INDIANAPOLIS, Ind. — Multiple federal agencies took part in a series of drug raids Friday on Indy’s near west side. Federal authorities served 15 search warrants for 20 indictments at multiple locations across Indianapolis.
The indictments are sealed, but we know all charges are related to drugs and include heroin, meth, and cocaine charges.
The search warrants began at 6:05 a.m. The investigation is being led by the Drug Enforcement Administration (DEA) and also involves the Indianapolis Metropolitan Police Department (IMPD), the Federal Bureau of Investigation (FBI) and the Bureau of Alcohol, Tobacco, Firearms and Explosives (ATF).
Following the raids, several of the suspects were taken to IMPD southwest district headquarters.
A spokesperson with the DEA confirmed they were the lead agency, but added that the government shutdown will prevent them from going into more detail.
At one recently renovated teal home on Tremont and a refurbished fuchsia home next door, neighbors awoke to the sights and sounds of a federal drug raid.
“Early this morning we heard a big boom,” said Angie Smith.
“There was literally cops everywhere surrounding both of those houses,” said neighbor Jose Bautista.
Just a few blocks away, a similar remodeled purple home on Arnolda was raided. Those homes along with others on Eagledale and Moreland were searched by the DEA, ATF and FBI.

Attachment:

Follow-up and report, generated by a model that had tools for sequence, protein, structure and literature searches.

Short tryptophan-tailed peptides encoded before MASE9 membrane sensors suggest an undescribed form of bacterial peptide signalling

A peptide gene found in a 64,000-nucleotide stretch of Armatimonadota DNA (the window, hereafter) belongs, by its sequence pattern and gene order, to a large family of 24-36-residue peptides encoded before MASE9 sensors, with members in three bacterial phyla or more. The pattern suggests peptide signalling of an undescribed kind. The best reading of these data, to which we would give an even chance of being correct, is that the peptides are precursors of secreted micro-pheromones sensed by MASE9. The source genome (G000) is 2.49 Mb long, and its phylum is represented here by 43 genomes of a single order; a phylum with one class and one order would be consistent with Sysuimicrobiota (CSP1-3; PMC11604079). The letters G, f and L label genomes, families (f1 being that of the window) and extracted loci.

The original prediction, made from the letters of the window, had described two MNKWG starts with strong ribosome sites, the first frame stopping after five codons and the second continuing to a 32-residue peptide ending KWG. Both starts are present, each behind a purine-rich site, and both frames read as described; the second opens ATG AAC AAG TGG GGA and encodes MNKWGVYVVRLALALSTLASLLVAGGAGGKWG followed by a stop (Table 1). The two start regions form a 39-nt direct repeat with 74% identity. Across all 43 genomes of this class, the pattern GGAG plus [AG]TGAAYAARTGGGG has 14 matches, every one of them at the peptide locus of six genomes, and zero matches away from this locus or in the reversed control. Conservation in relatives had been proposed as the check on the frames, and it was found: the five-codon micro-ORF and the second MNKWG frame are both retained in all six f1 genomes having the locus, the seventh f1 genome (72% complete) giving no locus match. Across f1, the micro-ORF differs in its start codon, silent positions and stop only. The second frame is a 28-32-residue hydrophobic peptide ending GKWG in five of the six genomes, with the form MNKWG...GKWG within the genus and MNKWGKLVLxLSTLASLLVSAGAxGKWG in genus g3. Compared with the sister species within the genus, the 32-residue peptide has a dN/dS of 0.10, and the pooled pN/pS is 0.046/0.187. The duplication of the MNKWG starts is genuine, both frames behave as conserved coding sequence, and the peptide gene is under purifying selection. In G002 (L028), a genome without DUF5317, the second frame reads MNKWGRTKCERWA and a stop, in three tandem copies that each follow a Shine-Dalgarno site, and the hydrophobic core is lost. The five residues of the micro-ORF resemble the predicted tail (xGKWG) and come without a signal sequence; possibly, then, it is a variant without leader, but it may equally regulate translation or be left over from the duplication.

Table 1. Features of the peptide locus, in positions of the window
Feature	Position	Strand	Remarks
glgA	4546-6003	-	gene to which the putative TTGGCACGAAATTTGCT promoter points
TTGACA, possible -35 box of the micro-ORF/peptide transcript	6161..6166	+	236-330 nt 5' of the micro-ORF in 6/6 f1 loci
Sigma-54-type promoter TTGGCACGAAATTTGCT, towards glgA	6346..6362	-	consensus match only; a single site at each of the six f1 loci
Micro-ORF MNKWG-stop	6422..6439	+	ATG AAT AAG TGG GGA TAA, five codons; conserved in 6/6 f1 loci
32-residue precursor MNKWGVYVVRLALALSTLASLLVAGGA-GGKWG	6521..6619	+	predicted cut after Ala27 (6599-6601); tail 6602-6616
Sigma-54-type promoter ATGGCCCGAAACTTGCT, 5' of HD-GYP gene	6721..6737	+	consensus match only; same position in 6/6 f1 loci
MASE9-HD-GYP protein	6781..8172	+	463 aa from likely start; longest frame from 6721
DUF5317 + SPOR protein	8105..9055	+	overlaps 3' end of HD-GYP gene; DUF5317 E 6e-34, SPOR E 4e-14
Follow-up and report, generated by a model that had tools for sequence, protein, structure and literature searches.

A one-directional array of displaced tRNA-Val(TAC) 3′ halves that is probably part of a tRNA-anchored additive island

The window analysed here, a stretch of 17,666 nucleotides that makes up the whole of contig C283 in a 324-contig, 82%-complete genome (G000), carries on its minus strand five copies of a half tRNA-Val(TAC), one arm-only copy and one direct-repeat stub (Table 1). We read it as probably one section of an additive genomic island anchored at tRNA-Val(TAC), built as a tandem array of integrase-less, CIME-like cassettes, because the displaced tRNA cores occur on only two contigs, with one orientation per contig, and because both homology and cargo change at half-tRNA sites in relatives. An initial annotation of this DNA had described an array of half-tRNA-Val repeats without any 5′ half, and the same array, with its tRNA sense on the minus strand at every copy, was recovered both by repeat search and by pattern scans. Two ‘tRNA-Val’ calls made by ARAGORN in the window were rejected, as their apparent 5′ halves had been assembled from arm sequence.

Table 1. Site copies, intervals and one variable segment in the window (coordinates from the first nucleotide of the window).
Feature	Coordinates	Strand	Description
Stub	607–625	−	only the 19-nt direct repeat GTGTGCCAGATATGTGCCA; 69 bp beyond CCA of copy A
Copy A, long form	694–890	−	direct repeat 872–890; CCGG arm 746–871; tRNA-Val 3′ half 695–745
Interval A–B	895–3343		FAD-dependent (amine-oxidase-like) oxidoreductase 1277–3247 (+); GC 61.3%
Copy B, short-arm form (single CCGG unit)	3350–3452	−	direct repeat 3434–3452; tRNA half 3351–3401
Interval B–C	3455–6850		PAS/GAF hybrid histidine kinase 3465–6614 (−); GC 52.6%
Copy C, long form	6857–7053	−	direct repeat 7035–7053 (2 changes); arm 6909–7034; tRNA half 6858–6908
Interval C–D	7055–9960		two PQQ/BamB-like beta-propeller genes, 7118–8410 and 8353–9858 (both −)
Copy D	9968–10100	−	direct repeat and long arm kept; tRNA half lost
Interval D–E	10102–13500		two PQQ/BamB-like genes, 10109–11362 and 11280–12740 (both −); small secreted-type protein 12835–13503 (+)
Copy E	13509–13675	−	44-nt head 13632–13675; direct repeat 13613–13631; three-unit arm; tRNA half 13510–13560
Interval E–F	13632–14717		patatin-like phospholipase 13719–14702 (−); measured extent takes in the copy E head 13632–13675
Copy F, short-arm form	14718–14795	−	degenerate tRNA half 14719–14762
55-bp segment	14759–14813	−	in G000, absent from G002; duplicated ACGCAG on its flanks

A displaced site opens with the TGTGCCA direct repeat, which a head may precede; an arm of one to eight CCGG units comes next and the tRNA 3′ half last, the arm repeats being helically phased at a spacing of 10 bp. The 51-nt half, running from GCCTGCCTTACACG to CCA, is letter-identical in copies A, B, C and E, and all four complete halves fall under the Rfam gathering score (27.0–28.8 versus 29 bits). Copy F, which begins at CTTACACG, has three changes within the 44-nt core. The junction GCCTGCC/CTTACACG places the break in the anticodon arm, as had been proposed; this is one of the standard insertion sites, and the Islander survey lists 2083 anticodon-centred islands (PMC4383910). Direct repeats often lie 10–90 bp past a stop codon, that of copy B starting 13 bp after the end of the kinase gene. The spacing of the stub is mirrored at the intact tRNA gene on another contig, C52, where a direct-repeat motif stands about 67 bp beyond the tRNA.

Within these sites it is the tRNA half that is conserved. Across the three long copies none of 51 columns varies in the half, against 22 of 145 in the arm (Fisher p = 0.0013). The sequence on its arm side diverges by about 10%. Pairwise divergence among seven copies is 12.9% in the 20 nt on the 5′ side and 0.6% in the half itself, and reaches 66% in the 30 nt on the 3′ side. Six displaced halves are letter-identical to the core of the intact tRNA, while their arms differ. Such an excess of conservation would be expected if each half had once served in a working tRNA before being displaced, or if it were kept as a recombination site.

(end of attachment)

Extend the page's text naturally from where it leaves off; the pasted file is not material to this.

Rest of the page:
Sources confirm 15 search warrants were served, during which investigators say close to 9 pounds of meth was seized, along with 40 pounds of marijuana, a quarter kilo of heroin and a small amount of cocaine. Additionally, 18 firearms were confiscated.
“I mean something needs to take place, because there’s too much (criminal) activity going on,” said Smith.
It’s not clear how many people were arrested, but at one point a half dozen suspects were loaded into a sheriff’s department van and transported to jail.
Drug raids on Indy’s southwest district, of course, are nothing new.
In 2016, the IMPD set up flex teams and cracked down on suspected drug houses. That crime-fighting strategy was aimed at cutting down on shootings and other violent crimes.
A spokesperson for the DEA says because of federal furloughs they are prohibited from making public statements on the Friday morning raids, but neighbors say federal assistance busting drug traffickers is always welcome.
“Well that means there’s less drugs on the streets and less crime. Hopefully they can get it cleaned up,” said Smith.
“I just think they’re doing a really good job trying to keep the streets clean,” said Bautista. “It makes the community a lot safer.”
A spokesperson for U.S. attorney Josh Minkler said they would not make any comments on the raids, but they do expect the suspects to be in federal court early next week.